Relative role of flower color and scent on pollinator attraction: experimental tests using F1 and F2 hybrids of daylily and nightlily.

Hirota SK, Nitta K, Kim Y, Kato A, Kawakubo N, Yasumoto AA, Yahara T - PLoS ONE (2012)

Flowers of H. fulva (A), F1 hybrid (B), H. citrina (C) and F2 hybrids (D-F).
© Copyright Policy
Related In: Results  -  Collection

Show All Figures
getmorefigures.php?uid=PMC3376114&req=5

pone-0039010-g001: Flowers of H. fulva (A), F1 hybrid (B), H. citrina (C) and F2 hybrids (D-F).
Mentions: H. fulva, a butterfly-pollinated species, has diurnal, reddish or orange-colored flowers without scent and H. citrina, a hawkmoth-pollinated species has nocturnal, yellowish flowers with a sweet scent [4], [25]. According to a molecular phylogenetic study of Hemerocallis (Yasumoto et al., unpublished), H. citrina is closely related to diurnally flowering species (H. fulva and its relative) indicating that nocturnal flowering evolved from diurnal flowering in Hemerocallis. Hybrids of two species are highly fertile [26], and floral traits, including those of color and scent, are segregated in F2 hybrids (Fig. 1).

Bottom Line: Swallowtail butterflies preferentially visited reddish or orange-colored flowers and hawkmoths preferentially visited yellowish flowers.Neither swallowtail butterflies nor nocturnal hawkmoths showed significant preferences for overall scent emission.Our results suggest that mutations in flower color would be more relevant to the adaptive shift from a diurnally flowering ancestor to H. citrina than that in floral scent.

View Article: PubMed Central - PubMed

Affiliation: Department of Biology, Faculty of Sciences, Kyushu University, Fukuoka, Japan.

ABSTRACT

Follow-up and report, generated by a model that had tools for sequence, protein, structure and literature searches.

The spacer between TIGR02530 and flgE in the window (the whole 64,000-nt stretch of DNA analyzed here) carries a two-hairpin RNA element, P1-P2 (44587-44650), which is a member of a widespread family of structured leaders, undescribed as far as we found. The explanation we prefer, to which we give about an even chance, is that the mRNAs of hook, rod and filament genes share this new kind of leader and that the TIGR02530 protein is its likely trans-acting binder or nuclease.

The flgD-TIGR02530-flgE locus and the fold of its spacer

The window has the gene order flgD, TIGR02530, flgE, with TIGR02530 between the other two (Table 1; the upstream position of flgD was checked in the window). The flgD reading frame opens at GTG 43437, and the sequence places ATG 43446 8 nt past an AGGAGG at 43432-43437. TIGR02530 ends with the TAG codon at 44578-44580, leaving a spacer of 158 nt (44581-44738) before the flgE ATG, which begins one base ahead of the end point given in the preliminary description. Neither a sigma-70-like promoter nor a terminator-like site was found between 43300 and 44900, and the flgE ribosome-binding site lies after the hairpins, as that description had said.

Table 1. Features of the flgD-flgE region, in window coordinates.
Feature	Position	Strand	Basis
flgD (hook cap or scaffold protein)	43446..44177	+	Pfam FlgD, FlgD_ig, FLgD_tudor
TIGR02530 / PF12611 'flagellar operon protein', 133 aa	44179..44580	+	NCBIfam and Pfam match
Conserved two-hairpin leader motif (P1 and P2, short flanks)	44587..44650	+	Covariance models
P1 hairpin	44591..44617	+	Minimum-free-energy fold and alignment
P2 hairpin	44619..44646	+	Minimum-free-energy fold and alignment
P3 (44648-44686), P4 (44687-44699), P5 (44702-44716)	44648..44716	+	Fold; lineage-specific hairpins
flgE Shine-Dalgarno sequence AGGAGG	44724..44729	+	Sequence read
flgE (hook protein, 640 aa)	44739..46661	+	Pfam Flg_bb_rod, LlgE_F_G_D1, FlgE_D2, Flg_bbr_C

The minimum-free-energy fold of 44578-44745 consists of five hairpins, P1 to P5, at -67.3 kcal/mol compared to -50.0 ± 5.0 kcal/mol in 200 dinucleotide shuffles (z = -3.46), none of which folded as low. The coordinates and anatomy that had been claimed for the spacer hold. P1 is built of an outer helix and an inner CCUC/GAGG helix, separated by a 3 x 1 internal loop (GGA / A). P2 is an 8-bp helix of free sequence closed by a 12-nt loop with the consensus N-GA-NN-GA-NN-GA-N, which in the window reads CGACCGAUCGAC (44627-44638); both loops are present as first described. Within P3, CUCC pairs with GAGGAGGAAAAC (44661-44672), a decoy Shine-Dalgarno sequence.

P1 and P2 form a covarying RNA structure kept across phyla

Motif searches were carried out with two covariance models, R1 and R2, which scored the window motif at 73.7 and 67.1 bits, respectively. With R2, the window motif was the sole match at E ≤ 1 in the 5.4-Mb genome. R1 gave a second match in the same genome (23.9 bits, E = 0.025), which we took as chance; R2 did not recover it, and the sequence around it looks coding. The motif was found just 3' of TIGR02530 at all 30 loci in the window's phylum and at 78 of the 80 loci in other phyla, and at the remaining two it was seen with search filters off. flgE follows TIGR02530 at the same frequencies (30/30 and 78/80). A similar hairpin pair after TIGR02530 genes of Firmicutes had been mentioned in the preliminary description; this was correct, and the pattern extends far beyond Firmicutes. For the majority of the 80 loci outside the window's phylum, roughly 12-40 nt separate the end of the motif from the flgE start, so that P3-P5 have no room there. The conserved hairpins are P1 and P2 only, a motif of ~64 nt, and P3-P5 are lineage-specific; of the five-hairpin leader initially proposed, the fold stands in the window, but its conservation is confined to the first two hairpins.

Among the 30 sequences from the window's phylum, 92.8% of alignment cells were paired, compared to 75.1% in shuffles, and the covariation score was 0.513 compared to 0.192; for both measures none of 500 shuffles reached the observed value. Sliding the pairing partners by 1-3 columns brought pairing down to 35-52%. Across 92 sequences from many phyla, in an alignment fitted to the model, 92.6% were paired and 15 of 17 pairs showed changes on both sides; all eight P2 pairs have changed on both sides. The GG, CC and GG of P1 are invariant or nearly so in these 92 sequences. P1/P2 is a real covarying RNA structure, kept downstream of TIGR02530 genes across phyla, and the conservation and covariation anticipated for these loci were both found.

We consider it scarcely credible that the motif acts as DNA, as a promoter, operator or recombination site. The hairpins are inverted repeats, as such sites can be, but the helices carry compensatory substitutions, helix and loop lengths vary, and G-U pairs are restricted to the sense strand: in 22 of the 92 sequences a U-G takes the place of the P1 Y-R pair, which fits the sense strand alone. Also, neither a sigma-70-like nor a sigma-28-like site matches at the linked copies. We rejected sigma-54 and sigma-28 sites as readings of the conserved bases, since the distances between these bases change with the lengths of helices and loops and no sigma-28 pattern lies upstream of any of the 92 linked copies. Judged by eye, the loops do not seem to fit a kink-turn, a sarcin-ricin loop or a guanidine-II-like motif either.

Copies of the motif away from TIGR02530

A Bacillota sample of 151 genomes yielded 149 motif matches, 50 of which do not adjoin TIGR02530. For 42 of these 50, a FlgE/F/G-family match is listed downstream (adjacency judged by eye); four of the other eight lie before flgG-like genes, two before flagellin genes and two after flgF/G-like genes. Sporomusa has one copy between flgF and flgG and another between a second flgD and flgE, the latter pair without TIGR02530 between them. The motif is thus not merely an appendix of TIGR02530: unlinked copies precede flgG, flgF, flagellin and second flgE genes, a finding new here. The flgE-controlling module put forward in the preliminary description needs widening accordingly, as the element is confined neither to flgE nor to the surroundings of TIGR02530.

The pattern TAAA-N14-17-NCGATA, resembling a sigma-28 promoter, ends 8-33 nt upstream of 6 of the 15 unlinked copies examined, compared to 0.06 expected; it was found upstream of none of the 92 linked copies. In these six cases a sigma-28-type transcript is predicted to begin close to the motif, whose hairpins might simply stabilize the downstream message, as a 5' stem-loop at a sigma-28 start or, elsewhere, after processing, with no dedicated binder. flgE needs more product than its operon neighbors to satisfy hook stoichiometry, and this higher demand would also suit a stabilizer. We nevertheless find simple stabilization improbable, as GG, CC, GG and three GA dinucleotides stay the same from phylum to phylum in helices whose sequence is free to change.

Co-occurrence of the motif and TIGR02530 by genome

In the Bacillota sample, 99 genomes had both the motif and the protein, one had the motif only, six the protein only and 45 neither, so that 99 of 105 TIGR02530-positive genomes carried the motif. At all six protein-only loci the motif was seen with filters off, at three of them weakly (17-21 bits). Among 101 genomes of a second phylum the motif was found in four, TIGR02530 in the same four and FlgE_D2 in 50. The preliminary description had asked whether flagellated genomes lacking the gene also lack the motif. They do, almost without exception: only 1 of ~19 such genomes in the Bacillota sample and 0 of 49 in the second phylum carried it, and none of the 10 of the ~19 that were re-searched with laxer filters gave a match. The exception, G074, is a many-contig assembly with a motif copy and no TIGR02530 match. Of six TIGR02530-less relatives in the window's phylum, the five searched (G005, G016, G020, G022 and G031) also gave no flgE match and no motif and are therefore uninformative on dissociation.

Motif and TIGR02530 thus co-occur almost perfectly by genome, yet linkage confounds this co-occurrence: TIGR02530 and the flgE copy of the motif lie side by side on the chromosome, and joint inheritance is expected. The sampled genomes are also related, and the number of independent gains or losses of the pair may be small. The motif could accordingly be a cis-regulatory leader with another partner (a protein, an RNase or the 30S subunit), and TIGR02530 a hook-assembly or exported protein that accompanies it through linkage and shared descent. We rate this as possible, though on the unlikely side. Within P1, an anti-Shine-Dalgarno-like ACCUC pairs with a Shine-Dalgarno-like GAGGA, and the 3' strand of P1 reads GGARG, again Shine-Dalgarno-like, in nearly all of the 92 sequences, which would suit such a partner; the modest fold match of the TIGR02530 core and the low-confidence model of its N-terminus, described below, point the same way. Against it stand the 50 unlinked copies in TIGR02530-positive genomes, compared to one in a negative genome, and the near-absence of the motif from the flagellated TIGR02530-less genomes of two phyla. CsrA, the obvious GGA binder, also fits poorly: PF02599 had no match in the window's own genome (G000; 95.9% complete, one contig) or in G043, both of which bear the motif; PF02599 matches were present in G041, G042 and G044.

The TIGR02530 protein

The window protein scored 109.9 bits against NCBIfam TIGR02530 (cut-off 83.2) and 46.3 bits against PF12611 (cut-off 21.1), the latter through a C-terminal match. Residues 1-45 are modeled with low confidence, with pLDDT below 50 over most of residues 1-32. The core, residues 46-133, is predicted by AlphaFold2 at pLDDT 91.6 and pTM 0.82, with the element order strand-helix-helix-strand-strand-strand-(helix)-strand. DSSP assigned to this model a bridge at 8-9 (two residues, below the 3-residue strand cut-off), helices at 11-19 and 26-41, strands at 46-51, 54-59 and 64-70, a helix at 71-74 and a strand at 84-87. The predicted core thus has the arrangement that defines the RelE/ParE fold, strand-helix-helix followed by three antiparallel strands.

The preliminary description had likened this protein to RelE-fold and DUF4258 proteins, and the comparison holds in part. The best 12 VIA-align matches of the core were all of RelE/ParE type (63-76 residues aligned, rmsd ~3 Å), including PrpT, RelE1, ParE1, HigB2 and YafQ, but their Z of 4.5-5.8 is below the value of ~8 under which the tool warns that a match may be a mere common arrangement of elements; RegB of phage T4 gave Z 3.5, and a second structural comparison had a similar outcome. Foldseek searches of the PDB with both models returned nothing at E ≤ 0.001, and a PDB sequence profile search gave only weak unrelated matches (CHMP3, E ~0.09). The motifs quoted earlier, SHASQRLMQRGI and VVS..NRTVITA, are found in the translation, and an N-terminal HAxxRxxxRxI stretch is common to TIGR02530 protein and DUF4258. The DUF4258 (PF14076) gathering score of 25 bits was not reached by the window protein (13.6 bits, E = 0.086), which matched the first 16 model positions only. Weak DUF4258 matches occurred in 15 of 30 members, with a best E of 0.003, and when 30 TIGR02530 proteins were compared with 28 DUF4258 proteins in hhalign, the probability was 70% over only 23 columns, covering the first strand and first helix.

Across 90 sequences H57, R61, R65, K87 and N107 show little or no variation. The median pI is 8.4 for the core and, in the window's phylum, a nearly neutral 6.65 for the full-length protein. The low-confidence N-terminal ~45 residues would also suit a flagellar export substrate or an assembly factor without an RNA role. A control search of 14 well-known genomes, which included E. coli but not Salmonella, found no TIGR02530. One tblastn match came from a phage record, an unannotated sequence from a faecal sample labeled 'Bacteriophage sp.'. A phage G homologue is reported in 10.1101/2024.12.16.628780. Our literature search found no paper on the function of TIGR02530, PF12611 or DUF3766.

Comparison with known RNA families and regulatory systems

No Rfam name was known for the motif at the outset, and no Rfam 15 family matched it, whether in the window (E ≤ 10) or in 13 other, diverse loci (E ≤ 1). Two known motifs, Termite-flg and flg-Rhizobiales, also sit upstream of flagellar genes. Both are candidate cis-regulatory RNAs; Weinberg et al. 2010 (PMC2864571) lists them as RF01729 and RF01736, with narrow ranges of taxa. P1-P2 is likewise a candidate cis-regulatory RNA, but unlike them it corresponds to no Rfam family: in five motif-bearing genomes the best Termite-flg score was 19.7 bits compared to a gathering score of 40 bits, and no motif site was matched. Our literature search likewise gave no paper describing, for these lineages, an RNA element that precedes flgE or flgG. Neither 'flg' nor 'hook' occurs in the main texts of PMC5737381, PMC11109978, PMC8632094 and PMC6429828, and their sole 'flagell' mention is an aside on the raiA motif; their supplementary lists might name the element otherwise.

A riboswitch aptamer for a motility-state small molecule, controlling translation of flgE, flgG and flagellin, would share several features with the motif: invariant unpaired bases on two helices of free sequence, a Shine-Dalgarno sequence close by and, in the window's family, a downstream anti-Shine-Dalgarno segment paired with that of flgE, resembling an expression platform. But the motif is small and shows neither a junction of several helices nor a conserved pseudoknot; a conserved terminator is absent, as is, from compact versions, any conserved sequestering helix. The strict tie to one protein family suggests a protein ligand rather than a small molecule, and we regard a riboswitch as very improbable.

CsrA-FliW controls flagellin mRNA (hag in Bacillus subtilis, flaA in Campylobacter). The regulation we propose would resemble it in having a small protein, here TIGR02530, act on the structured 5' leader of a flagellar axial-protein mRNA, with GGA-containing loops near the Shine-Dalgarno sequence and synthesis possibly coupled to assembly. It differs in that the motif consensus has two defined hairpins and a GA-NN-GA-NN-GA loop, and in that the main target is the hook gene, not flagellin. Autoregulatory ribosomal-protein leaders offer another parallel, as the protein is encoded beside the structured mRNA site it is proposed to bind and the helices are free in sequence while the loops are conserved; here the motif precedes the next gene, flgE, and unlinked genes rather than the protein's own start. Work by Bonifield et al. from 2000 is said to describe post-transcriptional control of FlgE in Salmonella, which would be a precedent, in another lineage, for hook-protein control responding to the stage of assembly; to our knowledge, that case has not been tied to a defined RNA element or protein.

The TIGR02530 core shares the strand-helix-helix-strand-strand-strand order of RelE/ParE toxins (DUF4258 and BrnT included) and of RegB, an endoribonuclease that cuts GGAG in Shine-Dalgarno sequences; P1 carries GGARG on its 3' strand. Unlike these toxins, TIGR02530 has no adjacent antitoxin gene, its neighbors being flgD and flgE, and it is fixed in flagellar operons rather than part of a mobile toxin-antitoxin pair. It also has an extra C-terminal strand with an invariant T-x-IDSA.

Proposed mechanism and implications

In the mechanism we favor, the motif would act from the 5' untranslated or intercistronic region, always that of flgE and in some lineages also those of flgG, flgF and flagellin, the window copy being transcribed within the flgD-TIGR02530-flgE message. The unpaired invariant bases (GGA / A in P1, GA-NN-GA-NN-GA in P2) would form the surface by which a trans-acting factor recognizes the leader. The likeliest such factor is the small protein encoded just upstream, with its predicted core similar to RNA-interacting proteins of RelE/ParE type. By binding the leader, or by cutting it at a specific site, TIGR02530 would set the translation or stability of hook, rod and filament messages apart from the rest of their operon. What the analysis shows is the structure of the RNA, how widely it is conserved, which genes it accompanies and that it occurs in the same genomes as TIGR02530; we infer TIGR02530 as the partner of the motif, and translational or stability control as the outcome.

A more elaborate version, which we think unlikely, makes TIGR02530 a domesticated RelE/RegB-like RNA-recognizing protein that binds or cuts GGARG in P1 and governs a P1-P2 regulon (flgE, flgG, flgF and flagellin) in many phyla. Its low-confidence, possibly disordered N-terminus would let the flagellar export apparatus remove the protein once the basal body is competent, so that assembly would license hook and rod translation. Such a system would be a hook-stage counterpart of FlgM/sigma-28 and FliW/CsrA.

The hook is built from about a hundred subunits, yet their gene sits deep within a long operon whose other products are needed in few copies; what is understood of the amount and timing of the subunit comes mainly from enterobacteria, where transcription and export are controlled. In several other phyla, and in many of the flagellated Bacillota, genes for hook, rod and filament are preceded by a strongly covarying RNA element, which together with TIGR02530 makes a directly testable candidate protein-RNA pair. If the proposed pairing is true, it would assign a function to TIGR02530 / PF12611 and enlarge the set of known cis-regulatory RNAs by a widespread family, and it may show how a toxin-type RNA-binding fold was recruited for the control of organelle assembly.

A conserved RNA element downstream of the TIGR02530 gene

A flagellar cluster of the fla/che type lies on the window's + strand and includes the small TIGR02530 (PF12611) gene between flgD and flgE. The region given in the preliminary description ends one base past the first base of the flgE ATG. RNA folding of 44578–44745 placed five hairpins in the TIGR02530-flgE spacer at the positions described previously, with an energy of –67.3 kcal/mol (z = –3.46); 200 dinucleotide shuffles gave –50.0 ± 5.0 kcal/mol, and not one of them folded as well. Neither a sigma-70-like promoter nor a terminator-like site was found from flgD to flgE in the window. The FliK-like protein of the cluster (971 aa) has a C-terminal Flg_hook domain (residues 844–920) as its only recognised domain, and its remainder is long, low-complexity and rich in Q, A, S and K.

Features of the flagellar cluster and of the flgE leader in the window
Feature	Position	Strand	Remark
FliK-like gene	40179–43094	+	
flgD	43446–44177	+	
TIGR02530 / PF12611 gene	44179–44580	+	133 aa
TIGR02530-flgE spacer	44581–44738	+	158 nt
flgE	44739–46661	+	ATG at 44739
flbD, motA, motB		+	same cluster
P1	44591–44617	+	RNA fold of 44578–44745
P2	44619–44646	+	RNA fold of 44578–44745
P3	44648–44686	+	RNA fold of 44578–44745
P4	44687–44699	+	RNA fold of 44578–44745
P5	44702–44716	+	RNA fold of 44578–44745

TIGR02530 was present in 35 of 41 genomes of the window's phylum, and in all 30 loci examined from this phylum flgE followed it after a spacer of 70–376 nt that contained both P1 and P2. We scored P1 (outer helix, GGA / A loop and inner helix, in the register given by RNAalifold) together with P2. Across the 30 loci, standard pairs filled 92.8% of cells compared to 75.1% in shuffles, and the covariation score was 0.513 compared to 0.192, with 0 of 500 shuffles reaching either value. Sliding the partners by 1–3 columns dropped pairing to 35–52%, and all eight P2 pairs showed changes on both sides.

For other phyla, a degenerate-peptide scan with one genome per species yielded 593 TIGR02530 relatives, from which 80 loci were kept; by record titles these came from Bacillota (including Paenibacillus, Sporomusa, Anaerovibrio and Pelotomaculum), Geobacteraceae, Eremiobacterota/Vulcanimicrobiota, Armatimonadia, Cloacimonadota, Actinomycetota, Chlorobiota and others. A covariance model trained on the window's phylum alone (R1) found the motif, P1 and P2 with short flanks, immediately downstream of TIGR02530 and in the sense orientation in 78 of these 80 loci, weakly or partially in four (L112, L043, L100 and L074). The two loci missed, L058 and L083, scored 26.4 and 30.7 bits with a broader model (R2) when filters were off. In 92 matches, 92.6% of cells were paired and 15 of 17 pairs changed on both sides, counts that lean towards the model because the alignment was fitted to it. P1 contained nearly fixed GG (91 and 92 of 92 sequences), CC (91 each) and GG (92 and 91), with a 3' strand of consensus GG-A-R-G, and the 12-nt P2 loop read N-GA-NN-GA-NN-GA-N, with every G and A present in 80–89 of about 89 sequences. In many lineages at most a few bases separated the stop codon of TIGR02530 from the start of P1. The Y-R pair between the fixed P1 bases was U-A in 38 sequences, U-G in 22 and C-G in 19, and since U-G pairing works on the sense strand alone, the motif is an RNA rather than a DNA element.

The daylily (Hemerocallis fulva) and nightlily (H. citrina) are typical examples of a butterfly-pollination system and a hawkmoth-pollination system, respectively. H. fulva has diurnal, reddish or orange-colored flowers and is mainly pollinated by diurnal swallowtail butterflies. H. citrina has nocturnal, yellowish flowers with a sweet fragrance and is pollinated by nocturnal hawkmoths. We evaluated the relative roles of flower color and scent on the evolutionary shift from a diurnally flowering ancestor to H. citrina. We conducted a series of experiments that mimic situations in which mutants differing in either flower color, floral scent or both appeared in a diurnally flowering population. An experimental array of 6 × 6 potted plants, mixed with 24 plants of H. fulva and 12 plants of either F1 or F2 hybrids, were placed in the field, and visitations of swallowtail butterflies and nocturnal hawkmoths were recorded with camcorders. Swallowtail butterflies preferentially visited reddish or orange-colored flowers and hawkmoths preferentially visited yellowish flowers. Neither swallowtail butterflies nor nocturnal hawkmoths showed significant preferences for overall scent emission. Our results suggest that mutations in flower color would be more relevant to the adaptive shift from a diurnally flowering ancestor to H. citrina than that in floral scent.